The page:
7. 9.6 Solve Equations with Square Roots
    8. 9.7 Higher Roots
    9. 9.8 Rational Exponents
    10. Key Terms
    11. Key Concepts
    12. Exercises
      1. Review Exercises
      2. Practice Test
  11. 10 Quadratic Equations
    1. Introduction
    2. 10.1 Solve Quadratic Equations Using the Square Root Property
    3. 10.2 Solve Quadratic Equations by Completing the Square
    4. 10.3 Solve Quadratic Equations Using the Quadratic Formula
    5. 10.4 Solve Applications Modeled by Quadratic Equations
    6. 10.5 Graphing Quadratic Equations in Two Variables
    7. Key Terms
    8. Key Concepts
    9. Exercises
      1. Review Exercises
      2. Practice Test
  12. Answer Key
    1. Chapter 1
    2. Chapter 2
    3. Chapter 3
    4. Chapter 4
    5. Chapter 5
    6. Chapter 6
    7. Chapter 7
    8. Chapter 8
    9. Chapter 9
    10. Chapter 10
  13. Index
Be Prepared 6.1

Before you get started, take this readiness quiz.

Simplify: 8x+3x.8x+3x.
If you missed this problem, review Example 1.24.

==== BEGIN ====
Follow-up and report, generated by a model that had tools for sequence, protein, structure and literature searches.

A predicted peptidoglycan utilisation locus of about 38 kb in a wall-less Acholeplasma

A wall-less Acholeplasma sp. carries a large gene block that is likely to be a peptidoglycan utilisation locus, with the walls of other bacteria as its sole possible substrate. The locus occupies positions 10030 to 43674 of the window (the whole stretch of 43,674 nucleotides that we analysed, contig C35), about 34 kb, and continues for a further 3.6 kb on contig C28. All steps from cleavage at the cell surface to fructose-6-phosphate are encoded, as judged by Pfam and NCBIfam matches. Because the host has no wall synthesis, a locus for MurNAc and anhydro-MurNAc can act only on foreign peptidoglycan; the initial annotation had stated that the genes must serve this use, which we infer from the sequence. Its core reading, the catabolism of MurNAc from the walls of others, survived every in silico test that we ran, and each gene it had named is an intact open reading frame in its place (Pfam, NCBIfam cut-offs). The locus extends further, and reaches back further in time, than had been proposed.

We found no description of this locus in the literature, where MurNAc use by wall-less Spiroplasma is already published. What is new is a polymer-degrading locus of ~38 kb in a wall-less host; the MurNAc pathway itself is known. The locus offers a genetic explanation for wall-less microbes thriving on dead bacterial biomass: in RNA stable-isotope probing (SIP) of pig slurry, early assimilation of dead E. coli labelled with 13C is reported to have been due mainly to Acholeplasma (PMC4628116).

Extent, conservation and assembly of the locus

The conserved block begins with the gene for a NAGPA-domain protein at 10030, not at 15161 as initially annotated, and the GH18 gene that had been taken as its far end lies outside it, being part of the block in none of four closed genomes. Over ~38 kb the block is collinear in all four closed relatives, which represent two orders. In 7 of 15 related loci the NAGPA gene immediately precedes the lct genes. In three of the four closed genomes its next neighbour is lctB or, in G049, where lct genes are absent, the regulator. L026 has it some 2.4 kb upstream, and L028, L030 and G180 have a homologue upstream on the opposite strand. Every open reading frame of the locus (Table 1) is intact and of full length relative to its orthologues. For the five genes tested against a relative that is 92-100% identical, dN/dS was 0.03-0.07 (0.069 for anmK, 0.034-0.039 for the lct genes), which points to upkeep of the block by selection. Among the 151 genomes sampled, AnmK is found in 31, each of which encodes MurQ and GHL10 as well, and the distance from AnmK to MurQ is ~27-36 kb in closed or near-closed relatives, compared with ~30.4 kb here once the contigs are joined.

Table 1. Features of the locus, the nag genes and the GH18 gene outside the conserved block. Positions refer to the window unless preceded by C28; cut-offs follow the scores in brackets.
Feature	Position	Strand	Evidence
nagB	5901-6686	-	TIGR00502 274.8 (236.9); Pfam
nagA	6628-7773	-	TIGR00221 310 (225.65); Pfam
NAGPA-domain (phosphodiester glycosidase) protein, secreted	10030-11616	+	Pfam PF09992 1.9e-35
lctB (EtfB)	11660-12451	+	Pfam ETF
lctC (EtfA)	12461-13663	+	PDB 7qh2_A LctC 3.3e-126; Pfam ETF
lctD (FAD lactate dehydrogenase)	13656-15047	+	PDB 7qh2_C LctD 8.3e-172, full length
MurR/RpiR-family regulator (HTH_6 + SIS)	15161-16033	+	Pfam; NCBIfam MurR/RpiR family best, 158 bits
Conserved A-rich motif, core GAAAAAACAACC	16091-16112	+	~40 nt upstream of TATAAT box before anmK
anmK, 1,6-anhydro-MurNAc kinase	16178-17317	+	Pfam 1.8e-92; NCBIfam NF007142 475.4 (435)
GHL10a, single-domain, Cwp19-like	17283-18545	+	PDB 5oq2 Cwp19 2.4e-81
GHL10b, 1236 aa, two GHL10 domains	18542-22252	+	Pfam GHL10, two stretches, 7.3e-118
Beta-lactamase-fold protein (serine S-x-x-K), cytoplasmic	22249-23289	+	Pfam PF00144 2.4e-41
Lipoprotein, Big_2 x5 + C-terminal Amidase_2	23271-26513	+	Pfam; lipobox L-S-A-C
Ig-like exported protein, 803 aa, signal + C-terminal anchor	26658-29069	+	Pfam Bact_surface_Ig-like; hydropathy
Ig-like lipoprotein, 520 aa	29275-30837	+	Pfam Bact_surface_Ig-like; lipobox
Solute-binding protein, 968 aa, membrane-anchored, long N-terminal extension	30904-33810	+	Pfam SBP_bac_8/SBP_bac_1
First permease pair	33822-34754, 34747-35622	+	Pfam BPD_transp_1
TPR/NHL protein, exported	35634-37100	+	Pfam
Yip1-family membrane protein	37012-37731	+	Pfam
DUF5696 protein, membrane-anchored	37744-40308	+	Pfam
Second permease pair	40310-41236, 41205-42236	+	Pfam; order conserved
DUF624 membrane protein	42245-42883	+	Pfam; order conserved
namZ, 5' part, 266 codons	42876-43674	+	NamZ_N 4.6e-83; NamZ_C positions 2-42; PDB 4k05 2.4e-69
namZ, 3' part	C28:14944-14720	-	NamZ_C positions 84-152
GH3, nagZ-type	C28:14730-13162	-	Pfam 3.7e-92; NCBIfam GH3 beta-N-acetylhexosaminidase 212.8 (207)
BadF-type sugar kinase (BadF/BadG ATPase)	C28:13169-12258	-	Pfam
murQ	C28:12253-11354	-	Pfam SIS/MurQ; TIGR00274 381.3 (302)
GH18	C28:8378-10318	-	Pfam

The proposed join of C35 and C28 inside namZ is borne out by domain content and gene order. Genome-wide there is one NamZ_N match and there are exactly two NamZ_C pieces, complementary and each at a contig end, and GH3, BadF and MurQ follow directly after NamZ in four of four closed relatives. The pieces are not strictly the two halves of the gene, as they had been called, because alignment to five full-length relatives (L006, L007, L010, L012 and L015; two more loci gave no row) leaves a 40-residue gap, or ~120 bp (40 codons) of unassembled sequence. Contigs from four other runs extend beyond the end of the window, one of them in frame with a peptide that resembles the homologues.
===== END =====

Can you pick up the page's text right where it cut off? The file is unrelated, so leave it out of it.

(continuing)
Be Prepared 6.2

Subtract: (5n+8)(2n1).(5n+8)(2n1).
If you missed this problem, review Example 1.139.

Be Prepared 6.3

Write in expanded form: a5.a5.
If you missed this problem, review Example 1.14.

Identify Polynomials, Monomials, Binomials and Trinomials

You have learned that a term is a constant or the product of a constant and one or more variables. When it is of the form axmaxm, where aa is a constant and mm is a whole number, it is called a monomial. Some examples of monomial are 8,−2x2,4y3,and11z78,−2x2,4y3,and11z7.

Monomials

A monomial is a term of the form axmaxm, where aa is a constant and mm is a positive whole number.

A monomial, or two or more monomials combined by addition or subtraction, is a polynomial. Some polynomials have special names, based on the number of terms. A monomial is a polynomial with exactly one term. A binomial has exactly two terms, and a trinomial has exactly three terms. There are no special names for polynomials with more than three terms.

Polynomials

polynomial—A monomial, or two or more monomials combined by addition or subtraction, is a polynomial.

  • monomial—A polynomial with exactly one term is called a monomial.